ASA 124th Meeting New Orleans 1992 October

1aEA4. Kilohertz Gaussian transducer design and fabrication.

M. A. Breazeale

Dehua Huang

Natl. Ctr. for Phys. Acoust., Univ. of Mississippi, University, MS 38677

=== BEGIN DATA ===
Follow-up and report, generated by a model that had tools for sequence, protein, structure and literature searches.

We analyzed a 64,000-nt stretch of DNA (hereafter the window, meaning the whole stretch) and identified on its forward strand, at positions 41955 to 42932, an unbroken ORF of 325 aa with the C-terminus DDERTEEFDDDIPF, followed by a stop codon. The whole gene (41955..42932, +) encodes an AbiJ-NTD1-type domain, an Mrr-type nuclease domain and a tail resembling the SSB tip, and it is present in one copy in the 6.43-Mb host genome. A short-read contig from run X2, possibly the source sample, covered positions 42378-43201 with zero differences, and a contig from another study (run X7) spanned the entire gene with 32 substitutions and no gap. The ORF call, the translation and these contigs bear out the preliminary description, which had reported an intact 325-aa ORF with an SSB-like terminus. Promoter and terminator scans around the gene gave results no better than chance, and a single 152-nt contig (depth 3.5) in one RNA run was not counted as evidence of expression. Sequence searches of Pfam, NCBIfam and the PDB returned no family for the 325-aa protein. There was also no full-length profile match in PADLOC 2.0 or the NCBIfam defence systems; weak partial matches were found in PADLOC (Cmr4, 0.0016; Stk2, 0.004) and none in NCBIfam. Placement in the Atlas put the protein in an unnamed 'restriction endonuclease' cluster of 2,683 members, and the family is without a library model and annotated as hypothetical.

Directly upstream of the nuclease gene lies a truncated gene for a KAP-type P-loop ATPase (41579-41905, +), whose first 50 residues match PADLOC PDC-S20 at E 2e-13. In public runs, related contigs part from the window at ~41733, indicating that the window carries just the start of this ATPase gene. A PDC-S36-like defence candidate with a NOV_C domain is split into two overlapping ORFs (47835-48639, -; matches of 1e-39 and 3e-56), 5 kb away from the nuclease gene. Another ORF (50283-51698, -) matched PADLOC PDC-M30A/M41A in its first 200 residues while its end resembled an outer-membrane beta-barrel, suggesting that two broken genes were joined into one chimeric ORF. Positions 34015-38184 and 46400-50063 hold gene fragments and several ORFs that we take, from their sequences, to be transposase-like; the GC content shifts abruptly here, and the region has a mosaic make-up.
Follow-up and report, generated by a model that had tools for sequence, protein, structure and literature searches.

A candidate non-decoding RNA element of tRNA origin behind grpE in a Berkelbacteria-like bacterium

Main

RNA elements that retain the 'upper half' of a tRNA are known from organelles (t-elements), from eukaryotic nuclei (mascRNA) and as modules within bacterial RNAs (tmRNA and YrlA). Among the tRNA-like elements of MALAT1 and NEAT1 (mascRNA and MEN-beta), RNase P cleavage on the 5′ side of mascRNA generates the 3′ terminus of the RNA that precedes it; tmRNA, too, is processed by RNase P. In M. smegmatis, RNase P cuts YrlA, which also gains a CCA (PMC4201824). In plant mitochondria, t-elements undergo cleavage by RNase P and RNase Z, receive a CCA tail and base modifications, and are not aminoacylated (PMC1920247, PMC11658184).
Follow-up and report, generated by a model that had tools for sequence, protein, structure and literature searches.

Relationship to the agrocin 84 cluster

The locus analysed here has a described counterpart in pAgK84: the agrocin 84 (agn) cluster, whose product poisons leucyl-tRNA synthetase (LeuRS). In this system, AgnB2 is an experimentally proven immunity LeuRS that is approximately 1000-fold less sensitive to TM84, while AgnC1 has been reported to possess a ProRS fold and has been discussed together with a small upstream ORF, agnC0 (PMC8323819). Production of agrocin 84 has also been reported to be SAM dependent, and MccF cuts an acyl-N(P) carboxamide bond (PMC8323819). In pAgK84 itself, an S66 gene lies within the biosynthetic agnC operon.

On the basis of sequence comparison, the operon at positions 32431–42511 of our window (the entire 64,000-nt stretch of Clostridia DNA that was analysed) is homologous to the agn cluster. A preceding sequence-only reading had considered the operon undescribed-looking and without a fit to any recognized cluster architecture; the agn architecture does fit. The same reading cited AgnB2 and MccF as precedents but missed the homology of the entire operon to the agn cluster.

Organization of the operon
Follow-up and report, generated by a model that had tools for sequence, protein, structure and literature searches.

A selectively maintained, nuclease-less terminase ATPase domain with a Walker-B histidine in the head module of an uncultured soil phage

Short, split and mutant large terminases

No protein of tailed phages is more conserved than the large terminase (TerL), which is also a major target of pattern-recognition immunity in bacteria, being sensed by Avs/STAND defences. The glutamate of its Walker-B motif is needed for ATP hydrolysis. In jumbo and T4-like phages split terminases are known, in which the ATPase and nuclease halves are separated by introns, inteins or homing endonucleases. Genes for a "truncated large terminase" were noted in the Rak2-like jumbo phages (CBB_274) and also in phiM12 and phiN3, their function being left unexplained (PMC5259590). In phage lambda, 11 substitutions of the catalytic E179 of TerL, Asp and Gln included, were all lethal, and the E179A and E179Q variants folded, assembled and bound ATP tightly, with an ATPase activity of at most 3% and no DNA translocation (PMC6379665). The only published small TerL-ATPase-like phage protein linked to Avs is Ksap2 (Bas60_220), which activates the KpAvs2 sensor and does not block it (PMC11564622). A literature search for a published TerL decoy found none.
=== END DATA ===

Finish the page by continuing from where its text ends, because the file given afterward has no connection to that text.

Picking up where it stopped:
The Gaussian distribution of an ultrasonic field has attracted attention and interest because of its unique features: analytic mathematical solution for a sound field in a homogeneous medium; no maxima or minima in Fresnel zone; a single beam free of sidelobes in the Fraunhofer region. Heretofore the mathematical attractiveness of the Gaussian function has been used in many physical theories. It has been used in connection with underwater acoustics, interface problems, medical ultrasonics, nondestructive evaluation, acoustical microscopy, nonlinear acoustics, etc. The Gaussian beam not only is an ideal mathematical model, but it is beginning to be physically realizable. Several methods reported to be successful in the megahertz frequency range have failed to produce a Gaussian distribution in the kilohertz range. This paper presents an improved design that is successful for a kilohertz Gaussian transducer. It has worked in the megahertz frequency range also. Gaussian transducers at 375 kHz (4 in. diam) and at 332 kHz (5 in. diam) have been made in our lab. The frequency--transducer size relation has been set by a 30-dB sidelobe suppression criterion. Theoretical design and experimental verification are presented. A 6-in.-diam Gaussian transducer that works at even lower frequency is in progress. [Work supported by ONT.]